Virat Kohli became the first Indian – and Asian – captain to win at least one Test in South Africa, England and Australia.

MATCH SUMMARY: (Adelaide Oval)
INDIA 250(88 OVERS) (First Innings)
Cheteshwar Pujara 123 | Josh Hazlewood 3/52(20)
AUSTRALIA 235(98.4 OVERS) (First Innings)
Travis Head 72 | Ravichandran Ashwin 3/57(34), Jasprit Bumrah 3/47(24)
INDIA 307(106.5 OVERS) (Second Innings)
Cheteshwar Pujara 71, Ajinkya Rahane 70 | Nathan Lyon 6/122(42)
AUSTRALIA 291 (119.5 OVERS) (Second Innings)
Shaun Marsh 60 | Jasprit Bumrah 3/68(24, Mohammed Shami 3/65(20)
Player of the match – Cheteshwar Pujara

#25 Australia vs India , 3rd Test at Melbourne, Dec 2018 (Captain: Virat Kohli) (Series result: India won the 4 match series 2-1 )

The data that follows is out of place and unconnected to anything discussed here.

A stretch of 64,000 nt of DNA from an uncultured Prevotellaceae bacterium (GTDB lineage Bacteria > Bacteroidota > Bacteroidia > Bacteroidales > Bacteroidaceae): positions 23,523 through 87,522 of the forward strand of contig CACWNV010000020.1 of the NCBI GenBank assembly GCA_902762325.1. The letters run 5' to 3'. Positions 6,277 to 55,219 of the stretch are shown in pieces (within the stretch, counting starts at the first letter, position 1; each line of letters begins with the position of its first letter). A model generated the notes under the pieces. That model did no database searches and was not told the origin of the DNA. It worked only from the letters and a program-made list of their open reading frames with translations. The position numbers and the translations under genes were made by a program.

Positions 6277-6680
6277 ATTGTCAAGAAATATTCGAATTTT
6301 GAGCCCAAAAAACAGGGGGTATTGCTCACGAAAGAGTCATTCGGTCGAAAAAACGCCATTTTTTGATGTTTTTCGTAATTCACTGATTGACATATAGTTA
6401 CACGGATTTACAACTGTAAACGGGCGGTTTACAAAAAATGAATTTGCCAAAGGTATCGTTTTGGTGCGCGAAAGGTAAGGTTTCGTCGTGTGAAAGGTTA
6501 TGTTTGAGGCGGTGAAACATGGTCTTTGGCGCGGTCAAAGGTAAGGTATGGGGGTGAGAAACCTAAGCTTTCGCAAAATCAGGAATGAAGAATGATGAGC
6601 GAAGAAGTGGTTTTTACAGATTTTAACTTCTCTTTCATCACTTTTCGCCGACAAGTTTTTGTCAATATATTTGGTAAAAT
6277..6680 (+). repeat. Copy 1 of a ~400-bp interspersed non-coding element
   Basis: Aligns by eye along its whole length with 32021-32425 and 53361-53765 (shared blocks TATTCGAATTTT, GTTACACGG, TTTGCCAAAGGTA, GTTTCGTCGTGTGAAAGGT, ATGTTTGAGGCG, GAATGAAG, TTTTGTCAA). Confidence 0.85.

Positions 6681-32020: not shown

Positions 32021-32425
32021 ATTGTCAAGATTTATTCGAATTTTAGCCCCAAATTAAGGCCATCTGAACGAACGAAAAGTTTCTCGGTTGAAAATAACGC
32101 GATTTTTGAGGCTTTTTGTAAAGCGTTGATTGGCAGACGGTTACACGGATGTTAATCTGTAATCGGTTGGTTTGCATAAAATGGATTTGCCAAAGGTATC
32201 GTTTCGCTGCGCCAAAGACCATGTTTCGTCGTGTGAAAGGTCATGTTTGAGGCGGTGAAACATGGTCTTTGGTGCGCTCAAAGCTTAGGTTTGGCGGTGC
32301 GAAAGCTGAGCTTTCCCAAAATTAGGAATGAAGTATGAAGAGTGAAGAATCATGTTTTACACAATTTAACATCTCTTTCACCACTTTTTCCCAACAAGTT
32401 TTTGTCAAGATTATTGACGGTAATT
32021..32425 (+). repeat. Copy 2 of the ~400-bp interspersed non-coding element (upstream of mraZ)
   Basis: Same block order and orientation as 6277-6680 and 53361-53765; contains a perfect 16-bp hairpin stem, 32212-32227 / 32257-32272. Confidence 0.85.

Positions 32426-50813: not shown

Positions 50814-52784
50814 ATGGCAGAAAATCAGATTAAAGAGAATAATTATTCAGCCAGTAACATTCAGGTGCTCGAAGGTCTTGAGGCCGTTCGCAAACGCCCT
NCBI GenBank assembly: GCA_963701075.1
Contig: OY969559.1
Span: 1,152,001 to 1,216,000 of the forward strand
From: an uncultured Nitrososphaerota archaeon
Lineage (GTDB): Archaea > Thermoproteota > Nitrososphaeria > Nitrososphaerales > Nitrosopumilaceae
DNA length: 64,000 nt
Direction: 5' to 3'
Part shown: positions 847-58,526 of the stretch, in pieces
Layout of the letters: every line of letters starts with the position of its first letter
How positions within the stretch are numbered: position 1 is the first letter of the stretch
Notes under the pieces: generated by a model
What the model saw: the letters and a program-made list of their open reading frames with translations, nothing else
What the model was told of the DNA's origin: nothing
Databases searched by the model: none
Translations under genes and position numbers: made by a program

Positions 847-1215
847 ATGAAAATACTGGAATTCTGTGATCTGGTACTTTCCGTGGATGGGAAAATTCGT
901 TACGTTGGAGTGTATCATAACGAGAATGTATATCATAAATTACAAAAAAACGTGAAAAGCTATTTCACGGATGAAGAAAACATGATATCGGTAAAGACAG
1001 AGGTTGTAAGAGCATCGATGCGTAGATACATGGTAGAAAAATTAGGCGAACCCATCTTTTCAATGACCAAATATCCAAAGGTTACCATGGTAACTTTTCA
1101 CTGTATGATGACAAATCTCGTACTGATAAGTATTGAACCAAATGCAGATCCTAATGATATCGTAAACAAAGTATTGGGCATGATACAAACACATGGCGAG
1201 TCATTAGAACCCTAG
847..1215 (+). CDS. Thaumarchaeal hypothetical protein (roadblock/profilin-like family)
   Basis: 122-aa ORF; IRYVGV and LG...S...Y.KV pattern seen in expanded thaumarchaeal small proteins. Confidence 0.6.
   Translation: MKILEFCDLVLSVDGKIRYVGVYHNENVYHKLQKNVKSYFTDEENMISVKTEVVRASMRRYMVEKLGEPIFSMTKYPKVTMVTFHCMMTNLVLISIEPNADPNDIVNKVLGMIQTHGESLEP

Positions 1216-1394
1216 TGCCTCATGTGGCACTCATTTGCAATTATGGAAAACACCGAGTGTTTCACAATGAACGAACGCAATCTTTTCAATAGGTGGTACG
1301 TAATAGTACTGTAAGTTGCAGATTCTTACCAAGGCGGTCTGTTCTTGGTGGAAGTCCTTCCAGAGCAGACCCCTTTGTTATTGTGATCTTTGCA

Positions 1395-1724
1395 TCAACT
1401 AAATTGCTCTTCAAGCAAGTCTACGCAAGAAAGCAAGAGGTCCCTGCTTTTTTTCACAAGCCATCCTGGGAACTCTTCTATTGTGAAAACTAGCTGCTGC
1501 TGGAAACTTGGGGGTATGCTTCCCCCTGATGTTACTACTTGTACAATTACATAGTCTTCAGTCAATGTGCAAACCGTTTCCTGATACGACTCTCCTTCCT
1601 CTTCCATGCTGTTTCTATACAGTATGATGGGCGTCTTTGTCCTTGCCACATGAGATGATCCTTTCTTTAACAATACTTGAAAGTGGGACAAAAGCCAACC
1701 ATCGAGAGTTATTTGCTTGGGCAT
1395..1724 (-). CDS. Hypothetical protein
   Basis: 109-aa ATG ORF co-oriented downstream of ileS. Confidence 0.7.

J Bumrah & V Kohli

There was much interest in the toss, with 10 mm of grass left on the surface, enough to urge Tim Paine to consider bowling. But the coin fell India’s way and Kohli opted to bat. After the challenges of Adelaide, and especially Perth, MCG’s pitch was a more docile affair for the batsmen, and India took advantage, moving to 2 for 215 on the back of a fine debut by Mayank Agarwal, followed up by solid work from Cheteshwar Pujara and Virat Kohli.

On day 2 the bowlers found no real purchase – barring occasional uneven bounce – from the MCG surface, India continued their batting dominance, consolidating their overnight position before declaring just under half an hour from stumps. India rode on the back of a 170-run third-wicket stand between Virat Kohli and Cheteshwar Pujara – the overnight pair batted out the first session – before useful contributions from the middle order took them to 443 for 7. Their bowlers then tested Australia’s openers for the last six overs of the day.